Mothering Sunday was traditionally when domestic servants were given the day off to visit their “mother church”, usually the one where they were baptised. Children in service would pick wildflowers on the way to church and fashion them into posies either to present them at church or to give them to their mothers. Well, we have a veritable bouquet of wonderful writing here. Thank you very much to all our contributors who answered the submission call. So please, enjoy our weekend of mother love.
James Fountain’s elegant analysis of motherhood and the many forms it has taken in poetry throughout the ages (On Motherhood) sets the tone appropriately – there is no ‘one size fits all’ to motherhood. Frances Browner’s joyous Ma is a tumbling waterfall of memories, many of which will chime in with our own childhood recollections.
Saturday’s offerings are similarly wide-ranging. Through a deft use of symbol, Getting a Grip by Brindley Hallam Dennis (regular contributor Mike Smith) emphasises that love may literally be hard-fought before we arrive at some kind of accommodation. Terry Barr’s My Mother and Our Animals reinforces touchingly how mothers instil attitudes and perspectives that last a lifetime while Maggie Mackay’s The Look of Her reminds us how much some mothers achieve whilst quietly getting on with the business of being Mum. Rona Fitzgerald in her haunting Mam talks on the inner strength of some mothers, this time focusing on their stoicism in the face of pain.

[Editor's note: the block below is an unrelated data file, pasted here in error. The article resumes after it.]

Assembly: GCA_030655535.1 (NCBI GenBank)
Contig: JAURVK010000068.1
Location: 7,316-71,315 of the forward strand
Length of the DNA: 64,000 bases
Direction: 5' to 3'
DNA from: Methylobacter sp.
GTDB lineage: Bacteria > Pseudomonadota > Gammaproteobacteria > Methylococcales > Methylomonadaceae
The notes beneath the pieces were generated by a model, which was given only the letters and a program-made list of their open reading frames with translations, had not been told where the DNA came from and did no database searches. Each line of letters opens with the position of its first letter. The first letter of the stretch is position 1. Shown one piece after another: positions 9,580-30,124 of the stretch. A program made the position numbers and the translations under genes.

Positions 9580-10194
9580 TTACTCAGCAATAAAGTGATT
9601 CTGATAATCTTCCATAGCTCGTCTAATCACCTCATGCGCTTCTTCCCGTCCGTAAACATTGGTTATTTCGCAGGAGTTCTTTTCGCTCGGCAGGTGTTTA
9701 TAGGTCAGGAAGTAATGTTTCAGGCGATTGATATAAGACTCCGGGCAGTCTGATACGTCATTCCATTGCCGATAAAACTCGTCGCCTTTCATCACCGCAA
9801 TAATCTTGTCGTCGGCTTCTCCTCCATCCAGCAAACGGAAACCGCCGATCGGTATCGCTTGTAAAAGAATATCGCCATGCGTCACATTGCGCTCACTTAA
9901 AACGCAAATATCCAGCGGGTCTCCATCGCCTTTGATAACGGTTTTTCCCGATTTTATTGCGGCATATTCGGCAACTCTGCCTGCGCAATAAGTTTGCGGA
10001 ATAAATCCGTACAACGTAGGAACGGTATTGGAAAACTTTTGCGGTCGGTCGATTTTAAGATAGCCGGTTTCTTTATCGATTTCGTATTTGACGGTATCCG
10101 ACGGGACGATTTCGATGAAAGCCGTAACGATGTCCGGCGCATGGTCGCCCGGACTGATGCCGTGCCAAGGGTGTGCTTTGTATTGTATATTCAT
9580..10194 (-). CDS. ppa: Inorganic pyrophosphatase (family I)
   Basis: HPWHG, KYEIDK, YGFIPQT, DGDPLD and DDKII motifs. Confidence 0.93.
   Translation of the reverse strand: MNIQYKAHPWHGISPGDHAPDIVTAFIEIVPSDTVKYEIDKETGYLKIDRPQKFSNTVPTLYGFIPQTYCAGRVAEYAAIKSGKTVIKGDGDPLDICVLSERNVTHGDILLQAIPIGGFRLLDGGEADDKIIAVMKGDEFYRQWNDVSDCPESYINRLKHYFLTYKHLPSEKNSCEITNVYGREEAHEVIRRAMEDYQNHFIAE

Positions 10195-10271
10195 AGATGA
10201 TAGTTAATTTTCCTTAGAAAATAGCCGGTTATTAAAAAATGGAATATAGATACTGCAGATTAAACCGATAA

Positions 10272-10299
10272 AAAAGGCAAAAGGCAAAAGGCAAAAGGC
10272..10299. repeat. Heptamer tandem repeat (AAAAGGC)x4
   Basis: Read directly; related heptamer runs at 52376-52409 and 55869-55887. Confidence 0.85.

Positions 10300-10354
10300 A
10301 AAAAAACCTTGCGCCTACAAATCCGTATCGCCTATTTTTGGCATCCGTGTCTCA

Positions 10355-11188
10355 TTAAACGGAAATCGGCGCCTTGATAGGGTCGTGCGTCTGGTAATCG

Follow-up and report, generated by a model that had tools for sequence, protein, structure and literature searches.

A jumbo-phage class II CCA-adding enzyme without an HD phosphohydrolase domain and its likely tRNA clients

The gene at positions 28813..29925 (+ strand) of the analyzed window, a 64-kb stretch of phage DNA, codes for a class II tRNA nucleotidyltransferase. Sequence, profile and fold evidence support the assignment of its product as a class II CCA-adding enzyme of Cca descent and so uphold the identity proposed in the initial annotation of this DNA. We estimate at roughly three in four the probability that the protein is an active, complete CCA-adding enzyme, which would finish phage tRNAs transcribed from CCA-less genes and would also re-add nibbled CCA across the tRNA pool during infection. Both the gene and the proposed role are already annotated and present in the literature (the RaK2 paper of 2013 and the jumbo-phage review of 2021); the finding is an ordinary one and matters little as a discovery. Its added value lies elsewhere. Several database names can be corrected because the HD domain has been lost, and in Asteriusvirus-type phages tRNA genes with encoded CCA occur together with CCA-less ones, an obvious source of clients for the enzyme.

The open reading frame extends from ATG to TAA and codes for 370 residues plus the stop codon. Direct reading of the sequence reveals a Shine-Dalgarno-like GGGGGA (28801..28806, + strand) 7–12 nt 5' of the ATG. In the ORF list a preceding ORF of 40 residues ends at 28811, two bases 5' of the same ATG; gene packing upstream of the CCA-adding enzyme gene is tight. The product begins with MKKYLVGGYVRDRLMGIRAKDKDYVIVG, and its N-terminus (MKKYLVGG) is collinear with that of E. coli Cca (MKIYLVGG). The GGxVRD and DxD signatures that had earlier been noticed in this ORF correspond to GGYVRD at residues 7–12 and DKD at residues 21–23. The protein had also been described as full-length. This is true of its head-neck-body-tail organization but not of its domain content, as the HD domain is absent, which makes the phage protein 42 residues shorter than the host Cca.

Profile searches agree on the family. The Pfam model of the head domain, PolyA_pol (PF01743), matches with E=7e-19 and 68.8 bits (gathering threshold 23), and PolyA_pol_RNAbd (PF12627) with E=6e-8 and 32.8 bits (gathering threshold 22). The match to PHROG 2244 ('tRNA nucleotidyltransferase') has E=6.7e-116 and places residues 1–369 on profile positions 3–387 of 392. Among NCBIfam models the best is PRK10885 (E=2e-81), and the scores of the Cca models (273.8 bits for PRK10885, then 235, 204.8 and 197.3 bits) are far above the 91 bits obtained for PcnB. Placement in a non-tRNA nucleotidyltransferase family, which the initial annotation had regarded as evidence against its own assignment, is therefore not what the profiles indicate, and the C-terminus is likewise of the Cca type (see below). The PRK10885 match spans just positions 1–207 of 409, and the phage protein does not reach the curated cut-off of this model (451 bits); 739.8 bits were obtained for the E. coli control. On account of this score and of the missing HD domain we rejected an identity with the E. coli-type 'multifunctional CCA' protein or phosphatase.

Sunday’s pieces are a suitably eclectic mix. Joan Leotta’s charming account of a road trip with her mother (Seeing Clearly in the Fog) reminds us that however much we think we know our mothers, there is always something waiting to surprise us, perhaps a penchant for fried catfish or even a realisation that they are our best friends too. The challenges and achievements waiting for any young mother are explored persuasively in Jennifer Watts’ marvellous Motherhood, You Wench. “Cherish the moments that are easy to enjoy, and don’t let the tough ones cast a shadow over the rest” – advice we could all hearken to in these uncertain times. And bringing all of this weekend’s wise words to a close, Sarah Leavesley lulls us with her meditation on motherhood. Each italicised ‘o’ reminiscent of an owl’s eye, In Hollowed Oak shows us how the owl is a fitting symbol for motherhood, ever watchful, ever alert, ready to defend us fiercely to the end.
Thank you again to all our contributors for your wonderful submissions. It really has been a joy to review them all.